Following the funeral of John Garang, I had the opportunity to interview Kola Boof, a controversial Sudanese American novelist who has also been a long time champion for the cause of the Southern Sudanese people, through her writings and her outspokenness. Kola Boof first met John Garang in 1978, when at the age of five years old, her Arab Egyptian father, the late archeologist Harith Bin Farouk, took her to Garang’s home where the two men discussed the formation of what would much later become the SPLA. Boof was adopted in 1980 by African-Americans in Washington, D.C. following the murder of her Sudanese parents after they complained of witnessing slave raids in Sudan. Often referred to as “Queen Kola” by the South Sudanese who love and adore her and now living in the United States, I found Boof to be quite eloquent even while grief stricken over Garang’s death. Here’s what she had to say.
Jane: You are known in the international scene as a very dangerously controversial writer. Please tell us quickly in your own words, who Kola Boof is.
Kola: Well, I’m an African mother of two sons and I’m an artist. I use the written word as my vehicle for art, but someday, I hope to make films about Black women’s lives. But for now, I’m a novelist, I’m a poet and I’m sometimes involved in the politics of North Africa.
You had the opportunity of having met John Garang when you were a little girl, can you please tell us what kind of man he was like? What was your relationship with him?
I had no relationship with Garang as a child other than playing on his floor and repeatedly asking for cups of water or peaking in and out of the rooms. I remember that he was a very humorous, lovable figure with a keen seriousness. My father would bring him information as Garang was contemplating leaving the Arabic government in Khartoum and starting up a rebellion, which he did years later. I remember him being appalled when my father reported to him that there were actually Arab people conducting slave raids and selling Dinka and Nuer children like cattle.
John Garang is being mourned by many African states and even very many North Americans. Can you please explain why his death is a loss to Africa and to the Sudan?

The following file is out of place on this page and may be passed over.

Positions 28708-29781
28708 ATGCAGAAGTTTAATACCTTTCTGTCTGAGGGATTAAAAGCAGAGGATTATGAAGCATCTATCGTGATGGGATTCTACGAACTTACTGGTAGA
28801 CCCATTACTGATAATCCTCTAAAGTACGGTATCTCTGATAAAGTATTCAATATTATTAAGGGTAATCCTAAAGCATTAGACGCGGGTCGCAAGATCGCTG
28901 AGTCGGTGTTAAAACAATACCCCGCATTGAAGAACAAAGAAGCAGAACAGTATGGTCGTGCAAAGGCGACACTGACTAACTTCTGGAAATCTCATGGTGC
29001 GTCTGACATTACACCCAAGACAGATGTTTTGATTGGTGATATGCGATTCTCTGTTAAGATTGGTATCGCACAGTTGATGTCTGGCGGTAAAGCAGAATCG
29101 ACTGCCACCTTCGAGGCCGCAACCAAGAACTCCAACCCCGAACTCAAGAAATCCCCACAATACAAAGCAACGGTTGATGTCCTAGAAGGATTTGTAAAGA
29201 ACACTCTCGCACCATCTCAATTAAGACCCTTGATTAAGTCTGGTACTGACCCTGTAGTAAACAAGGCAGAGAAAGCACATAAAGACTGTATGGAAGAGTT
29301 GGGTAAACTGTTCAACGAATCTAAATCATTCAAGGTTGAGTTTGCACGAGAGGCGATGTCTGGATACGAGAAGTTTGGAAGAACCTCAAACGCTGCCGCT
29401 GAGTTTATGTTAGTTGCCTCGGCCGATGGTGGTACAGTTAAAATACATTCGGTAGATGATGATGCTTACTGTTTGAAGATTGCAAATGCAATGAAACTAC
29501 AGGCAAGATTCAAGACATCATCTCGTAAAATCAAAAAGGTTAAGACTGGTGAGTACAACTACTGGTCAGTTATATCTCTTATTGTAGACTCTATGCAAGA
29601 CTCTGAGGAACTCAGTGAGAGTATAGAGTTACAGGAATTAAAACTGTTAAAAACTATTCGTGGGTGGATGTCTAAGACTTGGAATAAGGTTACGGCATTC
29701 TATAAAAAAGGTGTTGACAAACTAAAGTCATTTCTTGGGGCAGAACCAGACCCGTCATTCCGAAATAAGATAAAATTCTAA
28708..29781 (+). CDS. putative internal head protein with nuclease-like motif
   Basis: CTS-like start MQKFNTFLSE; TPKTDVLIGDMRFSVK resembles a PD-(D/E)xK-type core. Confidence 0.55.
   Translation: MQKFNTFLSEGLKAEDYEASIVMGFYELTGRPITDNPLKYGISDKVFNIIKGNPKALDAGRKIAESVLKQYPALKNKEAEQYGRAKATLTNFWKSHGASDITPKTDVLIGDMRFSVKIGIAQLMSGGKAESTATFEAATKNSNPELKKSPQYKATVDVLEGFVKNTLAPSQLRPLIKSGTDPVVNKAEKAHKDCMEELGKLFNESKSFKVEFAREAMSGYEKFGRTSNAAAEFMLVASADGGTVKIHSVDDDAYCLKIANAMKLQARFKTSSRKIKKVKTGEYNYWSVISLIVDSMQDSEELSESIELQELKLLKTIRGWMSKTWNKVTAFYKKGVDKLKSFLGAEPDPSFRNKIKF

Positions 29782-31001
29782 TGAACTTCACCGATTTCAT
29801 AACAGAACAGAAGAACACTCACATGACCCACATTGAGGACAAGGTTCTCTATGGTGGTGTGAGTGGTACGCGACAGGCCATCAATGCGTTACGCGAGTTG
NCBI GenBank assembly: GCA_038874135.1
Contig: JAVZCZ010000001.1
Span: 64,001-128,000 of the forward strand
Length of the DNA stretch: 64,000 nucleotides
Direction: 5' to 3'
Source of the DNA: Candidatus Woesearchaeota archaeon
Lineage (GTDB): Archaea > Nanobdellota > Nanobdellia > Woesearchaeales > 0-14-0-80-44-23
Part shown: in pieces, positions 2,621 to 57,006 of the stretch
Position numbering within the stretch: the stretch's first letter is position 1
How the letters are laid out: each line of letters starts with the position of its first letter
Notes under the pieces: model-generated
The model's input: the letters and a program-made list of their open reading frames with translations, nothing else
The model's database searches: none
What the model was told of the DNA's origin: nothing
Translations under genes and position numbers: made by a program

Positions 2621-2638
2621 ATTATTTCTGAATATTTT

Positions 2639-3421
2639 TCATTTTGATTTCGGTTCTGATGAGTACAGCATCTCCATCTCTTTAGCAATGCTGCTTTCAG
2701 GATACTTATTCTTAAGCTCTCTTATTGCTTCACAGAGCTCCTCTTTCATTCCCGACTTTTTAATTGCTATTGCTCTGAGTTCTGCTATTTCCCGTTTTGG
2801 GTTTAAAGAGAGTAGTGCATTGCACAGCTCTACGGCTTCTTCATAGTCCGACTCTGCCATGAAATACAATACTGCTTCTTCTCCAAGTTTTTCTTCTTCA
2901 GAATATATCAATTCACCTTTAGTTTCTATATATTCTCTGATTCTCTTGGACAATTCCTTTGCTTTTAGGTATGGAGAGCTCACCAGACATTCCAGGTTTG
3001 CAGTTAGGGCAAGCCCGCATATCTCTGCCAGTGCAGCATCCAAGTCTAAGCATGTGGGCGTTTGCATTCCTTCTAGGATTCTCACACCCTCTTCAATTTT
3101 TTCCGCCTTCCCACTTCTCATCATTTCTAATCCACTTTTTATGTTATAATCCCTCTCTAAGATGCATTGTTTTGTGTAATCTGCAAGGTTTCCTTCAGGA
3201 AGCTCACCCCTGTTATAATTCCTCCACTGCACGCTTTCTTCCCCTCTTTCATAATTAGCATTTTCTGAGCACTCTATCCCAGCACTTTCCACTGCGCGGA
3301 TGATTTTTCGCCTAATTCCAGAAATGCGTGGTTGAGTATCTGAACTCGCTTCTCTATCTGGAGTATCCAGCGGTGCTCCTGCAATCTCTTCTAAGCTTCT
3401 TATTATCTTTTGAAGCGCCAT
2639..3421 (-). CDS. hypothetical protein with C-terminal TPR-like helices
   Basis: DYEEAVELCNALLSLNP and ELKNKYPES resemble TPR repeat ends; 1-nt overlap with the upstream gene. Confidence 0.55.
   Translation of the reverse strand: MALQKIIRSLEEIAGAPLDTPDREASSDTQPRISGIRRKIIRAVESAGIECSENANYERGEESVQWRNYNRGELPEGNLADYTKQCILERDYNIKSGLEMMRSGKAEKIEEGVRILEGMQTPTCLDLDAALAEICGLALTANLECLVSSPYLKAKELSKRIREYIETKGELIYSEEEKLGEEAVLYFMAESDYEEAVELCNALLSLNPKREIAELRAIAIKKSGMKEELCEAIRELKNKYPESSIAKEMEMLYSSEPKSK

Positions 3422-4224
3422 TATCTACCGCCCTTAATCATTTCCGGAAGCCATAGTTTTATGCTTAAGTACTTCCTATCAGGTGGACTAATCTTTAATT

His death is a loss, because he brought the North and the South together in Sudan. He was a brilliant politician, a provocative thinker and a great speaker. He was able to capture and inspire the minds of the South Sudanese people as well as demand respect from the Northerners. I don’t believe that the peace agreement would have been possible without Garang’s commitment to peace and to justice. He was sent to us by God.
How do you Kola Boof, think that John Garang would want to be remembered?
As a father to the people. A man of integrity and a believer in justice. He would want people to remember that he cared about everybody. He really did. He was the man who cared.
There are many people that do not know the atrocities that are happening in the Sudan, can you please elaborate on that?
We have a peace agreement right now, so in the interest of making it work, it’s best not to dwell on the evil that completely possesses Sudan. I look forward to Salva Kiir Mayardit’s leadership, and I pray that he can find a new experience for the South Sudan.
You were part of the SPLA. Can you tell us what the SPLA is? What was your contribution to this group?
The Sudanese People’s Liberation Army is a world wide network of mostly Southern Sudanese, committed to the liberation of the Black African indigenous Cushitic people of Sudan. It’s well known by now that I was a secret agent for the SPLA. A novelist and former paid party girl who used my way with words to persuade others to help my people. Over the years, I’ve acquired a lot of guns and ammunition for the South Rebel Army and instigated attention to their plight. As a woman, I determined to bring justice to the South Sudanese people…by any means necessary.
I know that you have been living in hiding because there is a death threat on you by Muslim fundamentalists, are you able to go to his funeral?
No, there’s no way I could set foot in Sudan. I am considered the biggest traitor in Sudanese history – and I have revealed that I was once a mistress to both Hasan al Turabi and his protege, Osama Bin Laden. They would kill me if I showed up anywhere near an Arab Muslim country in Africa. But I was overjoyed that people informed me that my Poem for Garang, “Choll Apieth,” was being read at the funeral. I never worked directly with John Garang, never got to speak with him as an agent, so I am glad that Garang and his wife, Rebecca, finally heard of my love for them, personally.